First, let’s talk about the technology.

The most important consideration in customer support AI systems is how general they’re allowed to be with regard to their area of expertise and how they come up with answers. Researchers classify the manner in which AIs generate answers into two camps: retrieval-based AIs and generative-based AIs.



Retrieval-based AIs can identify the subject of a customer’s question and learns how to retrieve canned responses from a database.

Generative-based AIs are capable of composing their own answers, learning how to compose better answers extemporaneously based on data it collects from each interaction.

Retrieval-based models are perfect for fielding a lot of the most repetitive questions your team encounters. However, as soon as a customer asks an unexpected question, or responds in an unexpected way, you’ll be happy to have a human support team member back in the driver’s seat.

Generative-based models are more adaptive, but since you’re allowing the computer to “think for itself” in many ways, they are more likely to make grammatical errors or produce frustrating generic responses (like “I don’t know what you mean”). These may be perfectly logical statements, but they aren’t actually helpful to your customer. This is especially likely to happen in instances where a customer is less articulate or not their question is not quite clear. Again, these are times when a human support agent will be crucial.

 

Now, on to Public Opinion.



It won’t come as a surprise to anyone working in the customer support world that customers aren’t always happy to be receiving an automated response. One poll suggests customers in higher income brackets are more likely than others to find bots “invasive” in support interactions.

It’s important to consider the types of inquiries that may be too sensitive for an automated system to handle – not because the question is complex, but because the implications are more delicate. For example: How will customers feel if it’s a computer and not a human telling them they can’t have a refund?

Situations like this will be important ones for us to create policy around. Ultimately, as long as a positive customer experience is still firmly in our minds as a primary goal, the gains will be tremendous. By combining the speed and efficiency of AI with the thoughtfulness and adaptability of human support, your customers will have an improved experience when they need support.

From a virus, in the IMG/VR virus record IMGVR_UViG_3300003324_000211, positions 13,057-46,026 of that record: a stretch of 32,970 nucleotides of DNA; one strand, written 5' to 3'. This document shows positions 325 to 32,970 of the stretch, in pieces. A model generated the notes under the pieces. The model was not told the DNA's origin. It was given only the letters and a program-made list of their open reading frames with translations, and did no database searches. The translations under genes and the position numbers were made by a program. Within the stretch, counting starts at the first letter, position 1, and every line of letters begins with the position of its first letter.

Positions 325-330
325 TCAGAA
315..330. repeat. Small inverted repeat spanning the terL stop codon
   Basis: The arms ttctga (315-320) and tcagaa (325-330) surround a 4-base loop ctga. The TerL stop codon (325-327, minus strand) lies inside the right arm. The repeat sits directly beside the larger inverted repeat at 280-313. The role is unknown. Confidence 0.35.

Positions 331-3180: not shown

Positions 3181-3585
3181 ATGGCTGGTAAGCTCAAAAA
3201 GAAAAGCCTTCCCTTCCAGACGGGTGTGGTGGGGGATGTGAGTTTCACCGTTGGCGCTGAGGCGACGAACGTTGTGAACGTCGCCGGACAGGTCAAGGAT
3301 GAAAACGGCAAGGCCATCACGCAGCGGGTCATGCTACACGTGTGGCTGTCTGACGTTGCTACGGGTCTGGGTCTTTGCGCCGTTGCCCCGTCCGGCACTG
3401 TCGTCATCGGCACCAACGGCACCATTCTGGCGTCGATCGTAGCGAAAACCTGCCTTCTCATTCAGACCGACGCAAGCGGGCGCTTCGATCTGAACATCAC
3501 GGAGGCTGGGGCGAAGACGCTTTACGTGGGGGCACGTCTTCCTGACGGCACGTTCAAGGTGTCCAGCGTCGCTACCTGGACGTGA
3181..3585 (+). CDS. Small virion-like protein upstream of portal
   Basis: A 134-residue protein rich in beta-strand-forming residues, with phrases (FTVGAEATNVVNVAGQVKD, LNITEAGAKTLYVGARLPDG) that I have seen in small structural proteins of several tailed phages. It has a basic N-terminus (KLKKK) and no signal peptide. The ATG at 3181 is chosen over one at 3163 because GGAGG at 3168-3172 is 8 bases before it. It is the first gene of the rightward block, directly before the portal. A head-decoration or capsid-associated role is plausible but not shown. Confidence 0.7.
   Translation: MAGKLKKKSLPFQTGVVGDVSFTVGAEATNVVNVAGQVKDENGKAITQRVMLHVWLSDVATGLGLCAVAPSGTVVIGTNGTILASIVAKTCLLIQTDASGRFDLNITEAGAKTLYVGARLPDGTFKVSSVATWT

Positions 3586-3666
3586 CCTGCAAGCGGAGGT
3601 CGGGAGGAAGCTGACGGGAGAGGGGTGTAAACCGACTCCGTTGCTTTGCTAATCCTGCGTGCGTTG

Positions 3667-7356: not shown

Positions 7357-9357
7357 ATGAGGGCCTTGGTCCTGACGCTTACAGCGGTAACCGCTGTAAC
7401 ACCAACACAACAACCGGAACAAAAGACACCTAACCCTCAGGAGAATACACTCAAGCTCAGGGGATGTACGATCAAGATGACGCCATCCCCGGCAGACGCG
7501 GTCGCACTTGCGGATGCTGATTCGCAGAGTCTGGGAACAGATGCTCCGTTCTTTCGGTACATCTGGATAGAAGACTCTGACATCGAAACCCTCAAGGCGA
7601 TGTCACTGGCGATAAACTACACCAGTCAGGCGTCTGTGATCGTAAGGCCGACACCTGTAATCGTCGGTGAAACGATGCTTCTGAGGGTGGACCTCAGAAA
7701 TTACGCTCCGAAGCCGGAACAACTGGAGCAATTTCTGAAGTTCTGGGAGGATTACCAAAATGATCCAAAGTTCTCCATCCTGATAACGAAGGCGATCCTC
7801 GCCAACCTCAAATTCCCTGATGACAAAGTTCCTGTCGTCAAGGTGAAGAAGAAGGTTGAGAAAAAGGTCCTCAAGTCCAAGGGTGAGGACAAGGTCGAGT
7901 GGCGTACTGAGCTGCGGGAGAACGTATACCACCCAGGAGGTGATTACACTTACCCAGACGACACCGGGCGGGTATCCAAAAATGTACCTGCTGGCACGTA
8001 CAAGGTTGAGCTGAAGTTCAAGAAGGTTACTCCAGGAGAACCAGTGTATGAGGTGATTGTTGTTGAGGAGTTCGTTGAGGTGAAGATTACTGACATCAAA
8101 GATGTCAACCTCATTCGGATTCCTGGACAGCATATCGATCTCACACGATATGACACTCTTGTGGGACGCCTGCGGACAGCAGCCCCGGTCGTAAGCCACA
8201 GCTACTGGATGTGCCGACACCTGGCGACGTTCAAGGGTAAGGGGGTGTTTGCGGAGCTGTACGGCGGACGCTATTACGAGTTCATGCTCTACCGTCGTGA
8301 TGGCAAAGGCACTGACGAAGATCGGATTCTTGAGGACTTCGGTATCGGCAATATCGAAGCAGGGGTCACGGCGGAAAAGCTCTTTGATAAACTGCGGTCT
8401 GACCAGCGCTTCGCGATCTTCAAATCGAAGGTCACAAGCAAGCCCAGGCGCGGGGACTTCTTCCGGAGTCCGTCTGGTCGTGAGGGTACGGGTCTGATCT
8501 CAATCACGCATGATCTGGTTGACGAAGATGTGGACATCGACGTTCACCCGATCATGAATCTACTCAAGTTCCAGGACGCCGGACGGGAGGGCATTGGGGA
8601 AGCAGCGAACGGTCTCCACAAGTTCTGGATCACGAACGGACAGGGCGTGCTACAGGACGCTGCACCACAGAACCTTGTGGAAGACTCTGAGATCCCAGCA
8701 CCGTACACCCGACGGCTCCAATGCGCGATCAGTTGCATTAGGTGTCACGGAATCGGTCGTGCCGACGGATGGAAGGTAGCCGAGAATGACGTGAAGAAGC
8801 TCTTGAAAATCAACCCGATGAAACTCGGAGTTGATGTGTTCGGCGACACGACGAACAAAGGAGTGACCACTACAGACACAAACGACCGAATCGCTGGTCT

When is Your Help Desk Ready for AI?

Let’s face it: AI stands to save your company serious time and money — some level of AI support is bound to become the norm in the future.

Many companies that start out staffing an entirely human help desk early on expect to automate it once they’ve collected enough data. However, for more complex products, there’s an advantage to considering AI as early as possible.

Your AI support improves when it has access to as much data as possible. Even if most of your questions can’t be answered by bots right away, a bot can learn from every interaction it sees your human support staff complete. Over time, this will organically help expand the bot’s knowledge base.

Not only that, but even if you only have a few employees, AI can help you gain useful insights about trends and customer pain points that might otherwise be too complicated or time-consuming to unearth.

The good news is the leaders in AI tech have provided plentiful open source resources you can use to start training your team now (see: Google’s TensorFlow, Microsoft’s Cognitive Toolkit and Amazon AI). Looking forward, it will be useful to consider specific use cases in which AI could be of the most value to your business.

Be prepared to be patient. Today’s machine learning software requires a huge amount of data. But with the help of a diligent, flexible, innovative support staff, it could make a huge difference to the future of your business.


Also published on Medium.